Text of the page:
Originally Posted by

**javapenguin**
Constant time? I thought it was more like logarithmic time. If you used hashing or an AVL tree, then you'd have about logarithmic time. It would probably get a bit closer to linear with hashing, though even with the best hash functions, it's not quite constant time. At least that's what I heard.

Anyway, I thought my approach would work, however inefficient it was.

If implemented correctly and with minimum number of collisions, SOME of a Map's methods are constant (or approximately constant) time. Regardless of 'what you heard', why not prove it to yourself? A Map is far from a tree, and it is far from a linked list.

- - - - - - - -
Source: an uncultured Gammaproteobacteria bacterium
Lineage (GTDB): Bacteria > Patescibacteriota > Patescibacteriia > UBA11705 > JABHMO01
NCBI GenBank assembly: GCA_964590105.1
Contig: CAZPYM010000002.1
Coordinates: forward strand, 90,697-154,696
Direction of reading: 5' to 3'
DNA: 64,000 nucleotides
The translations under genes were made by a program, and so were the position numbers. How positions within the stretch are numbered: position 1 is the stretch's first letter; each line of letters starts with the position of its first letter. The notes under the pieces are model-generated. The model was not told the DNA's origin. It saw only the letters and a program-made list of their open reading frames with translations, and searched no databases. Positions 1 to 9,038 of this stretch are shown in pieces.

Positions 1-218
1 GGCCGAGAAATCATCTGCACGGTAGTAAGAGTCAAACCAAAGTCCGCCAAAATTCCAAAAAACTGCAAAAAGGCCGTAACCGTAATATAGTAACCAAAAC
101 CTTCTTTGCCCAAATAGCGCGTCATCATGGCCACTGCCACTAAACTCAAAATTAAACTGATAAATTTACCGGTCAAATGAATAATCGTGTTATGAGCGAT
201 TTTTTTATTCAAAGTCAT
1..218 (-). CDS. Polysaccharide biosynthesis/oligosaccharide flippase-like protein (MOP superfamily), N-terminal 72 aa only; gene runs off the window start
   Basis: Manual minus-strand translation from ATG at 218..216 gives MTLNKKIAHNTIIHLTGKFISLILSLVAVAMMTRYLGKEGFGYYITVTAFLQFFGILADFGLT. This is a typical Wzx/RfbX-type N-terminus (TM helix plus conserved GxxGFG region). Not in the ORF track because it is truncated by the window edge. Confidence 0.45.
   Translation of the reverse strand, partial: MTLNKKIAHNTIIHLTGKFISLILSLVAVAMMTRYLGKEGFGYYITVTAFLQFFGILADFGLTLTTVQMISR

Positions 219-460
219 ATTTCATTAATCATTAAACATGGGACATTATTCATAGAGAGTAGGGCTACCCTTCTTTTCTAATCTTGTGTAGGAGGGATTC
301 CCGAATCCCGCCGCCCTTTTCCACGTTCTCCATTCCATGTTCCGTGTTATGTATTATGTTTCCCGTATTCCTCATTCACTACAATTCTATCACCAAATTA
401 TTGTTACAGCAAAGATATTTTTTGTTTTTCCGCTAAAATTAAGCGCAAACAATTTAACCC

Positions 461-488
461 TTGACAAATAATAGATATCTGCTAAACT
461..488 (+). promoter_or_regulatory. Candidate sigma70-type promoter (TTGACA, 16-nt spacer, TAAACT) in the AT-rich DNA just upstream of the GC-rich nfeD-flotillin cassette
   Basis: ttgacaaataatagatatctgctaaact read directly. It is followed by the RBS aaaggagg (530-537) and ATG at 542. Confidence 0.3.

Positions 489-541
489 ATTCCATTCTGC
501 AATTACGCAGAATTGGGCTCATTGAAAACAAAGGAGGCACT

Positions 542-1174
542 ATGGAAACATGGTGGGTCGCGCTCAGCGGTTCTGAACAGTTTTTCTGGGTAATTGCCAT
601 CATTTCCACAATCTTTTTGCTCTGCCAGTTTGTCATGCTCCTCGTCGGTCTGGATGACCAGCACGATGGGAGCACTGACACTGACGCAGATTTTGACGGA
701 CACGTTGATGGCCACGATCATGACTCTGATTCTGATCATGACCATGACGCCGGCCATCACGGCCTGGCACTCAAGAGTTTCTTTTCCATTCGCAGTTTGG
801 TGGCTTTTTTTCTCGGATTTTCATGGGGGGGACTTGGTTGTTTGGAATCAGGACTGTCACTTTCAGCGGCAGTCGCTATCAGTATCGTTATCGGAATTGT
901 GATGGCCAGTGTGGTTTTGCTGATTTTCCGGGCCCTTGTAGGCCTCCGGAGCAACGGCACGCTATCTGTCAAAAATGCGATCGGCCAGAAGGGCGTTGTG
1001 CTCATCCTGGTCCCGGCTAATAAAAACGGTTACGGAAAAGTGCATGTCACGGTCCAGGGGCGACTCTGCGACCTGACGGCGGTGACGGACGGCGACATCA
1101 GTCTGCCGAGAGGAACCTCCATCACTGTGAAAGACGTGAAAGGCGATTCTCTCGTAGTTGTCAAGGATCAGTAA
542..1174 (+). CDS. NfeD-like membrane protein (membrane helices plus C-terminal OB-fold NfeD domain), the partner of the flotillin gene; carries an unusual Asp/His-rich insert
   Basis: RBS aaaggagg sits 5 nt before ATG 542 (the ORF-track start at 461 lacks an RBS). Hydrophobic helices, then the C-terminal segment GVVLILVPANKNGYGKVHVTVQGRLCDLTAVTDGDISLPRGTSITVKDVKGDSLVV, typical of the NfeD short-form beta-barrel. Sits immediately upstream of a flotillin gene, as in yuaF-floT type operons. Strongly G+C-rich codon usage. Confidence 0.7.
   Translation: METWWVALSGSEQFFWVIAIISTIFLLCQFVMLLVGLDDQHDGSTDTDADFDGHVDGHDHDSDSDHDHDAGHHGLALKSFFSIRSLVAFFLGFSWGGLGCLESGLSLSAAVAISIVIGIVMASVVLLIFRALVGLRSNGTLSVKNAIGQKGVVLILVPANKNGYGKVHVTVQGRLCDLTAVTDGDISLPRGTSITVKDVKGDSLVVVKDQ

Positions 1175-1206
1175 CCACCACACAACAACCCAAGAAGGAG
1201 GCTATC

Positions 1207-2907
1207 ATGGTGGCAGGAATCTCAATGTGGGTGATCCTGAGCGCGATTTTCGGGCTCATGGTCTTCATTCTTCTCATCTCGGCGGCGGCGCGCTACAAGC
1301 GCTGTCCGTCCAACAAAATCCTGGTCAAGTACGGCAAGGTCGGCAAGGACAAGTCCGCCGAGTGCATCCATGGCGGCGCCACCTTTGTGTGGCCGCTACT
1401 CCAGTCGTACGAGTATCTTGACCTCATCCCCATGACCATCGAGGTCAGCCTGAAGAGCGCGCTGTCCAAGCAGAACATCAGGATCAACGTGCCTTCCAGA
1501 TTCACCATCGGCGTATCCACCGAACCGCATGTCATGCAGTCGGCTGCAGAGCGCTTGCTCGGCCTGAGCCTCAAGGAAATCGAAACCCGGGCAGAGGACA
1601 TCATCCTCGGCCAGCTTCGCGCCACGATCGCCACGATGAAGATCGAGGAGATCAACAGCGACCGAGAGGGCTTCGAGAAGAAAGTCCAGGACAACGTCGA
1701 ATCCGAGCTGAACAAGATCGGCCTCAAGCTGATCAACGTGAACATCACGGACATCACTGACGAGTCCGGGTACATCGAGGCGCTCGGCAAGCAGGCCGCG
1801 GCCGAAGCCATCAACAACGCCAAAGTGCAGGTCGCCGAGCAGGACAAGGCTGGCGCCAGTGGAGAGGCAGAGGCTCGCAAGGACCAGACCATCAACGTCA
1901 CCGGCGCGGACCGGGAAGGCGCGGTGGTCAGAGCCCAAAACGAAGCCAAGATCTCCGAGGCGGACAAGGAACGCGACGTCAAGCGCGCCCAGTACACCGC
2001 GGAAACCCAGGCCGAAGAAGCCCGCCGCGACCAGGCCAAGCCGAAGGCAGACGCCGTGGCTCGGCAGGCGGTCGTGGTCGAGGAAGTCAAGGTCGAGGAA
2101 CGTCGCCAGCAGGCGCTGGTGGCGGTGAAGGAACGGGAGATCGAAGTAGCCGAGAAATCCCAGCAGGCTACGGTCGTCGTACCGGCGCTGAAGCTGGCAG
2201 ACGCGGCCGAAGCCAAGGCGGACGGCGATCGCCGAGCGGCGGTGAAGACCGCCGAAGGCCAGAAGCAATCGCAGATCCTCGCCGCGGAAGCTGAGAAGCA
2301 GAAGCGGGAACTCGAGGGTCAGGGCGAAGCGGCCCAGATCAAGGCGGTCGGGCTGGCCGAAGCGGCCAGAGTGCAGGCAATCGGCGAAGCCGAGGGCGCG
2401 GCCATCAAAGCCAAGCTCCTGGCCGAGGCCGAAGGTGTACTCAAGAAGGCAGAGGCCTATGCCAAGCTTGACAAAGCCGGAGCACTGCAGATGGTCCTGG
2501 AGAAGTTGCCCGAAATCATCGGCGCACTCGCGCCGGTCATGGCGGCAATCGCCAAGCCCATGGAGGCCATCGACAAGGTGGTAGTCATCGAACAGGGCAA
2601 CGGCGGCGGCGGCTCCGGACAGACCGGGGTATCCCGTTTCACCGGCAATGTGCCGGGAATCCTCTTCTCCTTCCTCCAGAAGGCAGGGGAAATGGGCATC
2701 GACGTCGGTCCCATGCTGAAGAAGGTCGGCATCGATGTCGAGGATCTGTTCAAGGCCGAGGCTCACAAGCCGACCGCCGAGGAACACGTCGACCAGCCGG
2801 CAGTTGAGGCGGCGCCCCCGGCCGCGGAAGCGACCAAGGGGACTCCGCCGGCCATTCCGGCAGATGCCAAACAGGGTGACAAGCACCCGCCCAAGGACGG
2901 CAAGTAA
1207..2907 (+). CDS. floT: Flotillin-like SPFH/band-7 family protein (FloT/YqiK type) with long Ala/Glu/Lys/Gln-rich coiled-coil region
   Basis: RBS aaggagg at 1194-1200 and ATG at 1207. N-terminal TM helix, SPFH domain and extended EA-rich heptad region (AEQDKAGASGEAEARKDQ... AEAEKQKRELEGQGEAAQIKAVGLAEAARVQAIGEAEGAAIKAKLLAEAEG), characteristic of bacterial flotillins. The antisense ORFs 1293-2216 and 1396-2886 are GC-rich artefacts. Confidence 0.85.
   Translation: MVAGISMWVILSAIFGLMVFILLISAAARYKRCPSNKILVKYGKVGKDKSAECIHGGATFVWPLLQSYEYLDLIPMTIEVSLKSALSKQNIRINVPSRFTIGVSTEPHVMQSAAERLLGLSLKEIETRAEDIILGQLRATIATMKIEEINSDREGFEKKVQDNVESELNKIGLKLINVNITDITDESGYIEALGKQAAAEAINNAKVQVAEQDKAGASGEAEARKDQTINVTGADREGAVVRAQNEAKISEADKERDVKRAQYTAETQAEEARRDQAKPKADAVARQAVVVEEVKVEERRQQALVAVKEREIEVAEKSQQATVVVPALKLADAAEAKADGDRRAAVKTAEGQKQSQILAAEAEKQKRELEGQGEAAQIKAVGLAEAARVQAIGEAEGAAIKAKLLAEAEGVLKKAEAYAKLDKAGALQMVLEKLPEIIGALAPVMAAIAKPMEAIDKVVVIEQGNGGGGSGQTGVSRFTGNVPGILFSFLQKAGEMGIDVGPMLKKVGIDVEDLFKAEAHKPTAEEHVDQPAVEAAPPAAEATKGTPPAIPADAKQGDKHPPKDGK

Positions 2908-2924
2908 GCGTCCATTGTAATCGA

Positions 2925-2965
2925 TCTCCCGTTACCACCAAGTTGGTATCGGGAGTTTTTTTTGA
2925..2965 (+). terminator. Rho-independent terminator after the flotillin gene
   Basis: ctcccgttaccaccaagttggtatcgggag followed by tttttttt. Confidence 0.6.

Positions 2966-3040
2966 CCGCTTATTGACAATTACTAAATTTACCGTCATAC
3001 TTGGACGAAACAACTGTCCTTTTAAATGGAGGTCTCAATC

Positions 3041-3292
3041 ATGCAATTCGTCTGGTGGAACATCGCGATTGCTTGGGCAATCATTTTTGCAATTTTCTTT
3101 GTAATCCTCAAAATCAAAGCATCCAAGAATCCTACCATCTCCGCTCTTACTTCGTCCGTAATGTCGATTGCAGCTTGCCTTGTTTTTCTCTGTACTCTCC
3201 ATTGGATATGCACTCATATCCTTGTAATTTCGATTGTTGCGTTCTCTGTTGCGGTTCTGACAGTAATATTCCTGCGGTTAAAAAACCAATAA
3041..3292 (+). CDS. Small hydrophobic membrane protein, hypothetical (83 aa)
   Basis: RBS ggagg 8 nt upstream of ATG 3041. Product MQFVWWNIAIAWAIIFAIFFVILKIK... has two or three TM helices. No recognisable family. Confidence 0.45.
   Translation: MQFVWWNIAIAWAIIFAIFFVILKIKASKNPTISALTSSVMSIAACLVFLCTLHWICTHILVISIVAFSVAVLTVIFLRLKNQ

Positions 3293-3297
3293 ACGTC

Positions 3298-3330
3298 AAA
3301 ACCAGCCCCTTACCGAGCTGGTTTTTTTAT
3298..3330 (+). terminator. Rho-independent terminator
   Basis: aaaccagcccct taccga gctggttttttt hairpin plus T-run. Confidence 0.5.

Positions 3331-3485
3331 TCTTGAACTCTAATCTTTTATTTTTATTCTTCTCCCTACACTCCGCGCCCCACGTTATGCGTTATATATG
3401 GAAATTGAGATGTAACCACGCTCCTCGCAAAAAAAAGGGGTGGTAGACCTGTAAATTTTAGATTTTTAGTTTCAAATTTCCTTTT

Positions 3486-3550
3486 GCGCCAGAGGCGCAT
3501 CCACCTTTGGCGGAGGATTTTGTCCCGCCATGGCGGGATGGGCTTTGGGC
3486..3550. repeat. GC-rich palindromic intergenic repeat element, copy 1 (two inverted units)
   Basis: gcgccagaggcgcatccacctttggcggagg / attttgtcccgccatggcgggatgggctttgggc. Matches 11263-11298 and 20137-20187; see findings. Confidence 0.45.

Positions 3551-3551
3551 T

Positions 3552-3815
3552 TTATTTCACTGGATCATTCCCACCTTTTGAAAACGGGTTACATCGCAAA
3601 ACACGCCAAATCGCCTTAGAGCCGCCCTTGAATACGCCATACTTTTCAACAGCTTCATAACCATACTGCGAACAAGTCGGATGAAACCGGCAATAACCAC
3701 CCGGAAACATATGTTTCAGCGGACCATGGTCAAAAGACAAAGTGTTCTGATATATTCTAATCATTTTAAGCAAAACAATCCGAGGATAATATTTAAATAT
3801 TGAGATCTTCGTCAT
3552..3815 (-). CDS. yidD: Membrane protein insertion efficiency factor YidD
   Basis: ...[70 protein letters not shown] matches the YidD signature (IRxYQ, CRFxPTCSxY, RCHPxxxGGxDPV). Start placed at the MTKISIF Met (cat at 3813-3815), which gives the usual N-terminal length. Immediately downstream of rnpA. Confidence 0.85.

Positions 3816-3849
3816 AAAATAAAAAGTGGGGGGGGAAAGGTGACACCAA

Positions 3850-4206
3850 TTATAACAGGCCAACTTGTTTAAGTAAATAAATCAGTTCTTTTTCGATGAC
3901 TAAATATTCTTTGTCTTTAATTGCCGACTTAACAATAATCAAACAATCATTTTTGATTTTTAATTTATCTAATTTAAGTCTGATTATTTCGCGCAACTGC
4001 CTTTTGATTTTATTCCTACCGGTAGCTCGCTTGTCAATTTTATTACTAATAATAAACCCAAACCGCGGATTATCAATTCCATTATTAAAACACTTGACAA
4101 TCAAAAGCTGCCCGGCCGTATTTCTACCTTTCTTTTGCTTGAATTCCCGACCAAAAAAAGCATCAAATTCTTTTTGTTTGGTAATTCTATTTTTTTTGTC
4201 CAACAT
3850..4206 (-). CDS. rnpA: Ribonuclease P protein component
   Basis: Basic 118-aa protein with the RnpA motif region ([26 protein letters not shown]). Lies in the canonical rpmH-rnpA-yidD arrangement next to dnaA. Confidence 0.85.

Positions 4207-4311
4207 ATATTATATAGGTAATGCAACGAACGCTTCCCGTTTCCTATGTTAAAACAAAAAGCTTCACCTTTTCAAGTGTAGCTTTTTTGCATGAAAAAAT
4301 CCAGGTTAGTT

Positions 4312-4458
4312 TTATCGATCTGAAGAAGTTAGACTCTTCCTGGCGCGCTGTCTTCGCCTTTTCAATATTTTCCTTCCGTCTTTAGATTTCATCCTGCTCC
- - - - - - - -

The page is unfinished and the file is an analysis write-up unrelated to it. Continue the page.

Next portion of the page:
I am trying to point in the correct direction...if you want to piece together a hacked linked list that ostensibly has key value pairs, please be advised it is not a true hash lookup Map or table (and I would even hesitate to call it a Map). If you want to implement a Map/HashTable correctly, then I recommend reading about what it entails.

Wikipedia has a good overview. But, as history has proven, I don't have much confidence you will listen to my advice (which makes me question why I am giving it in the first place)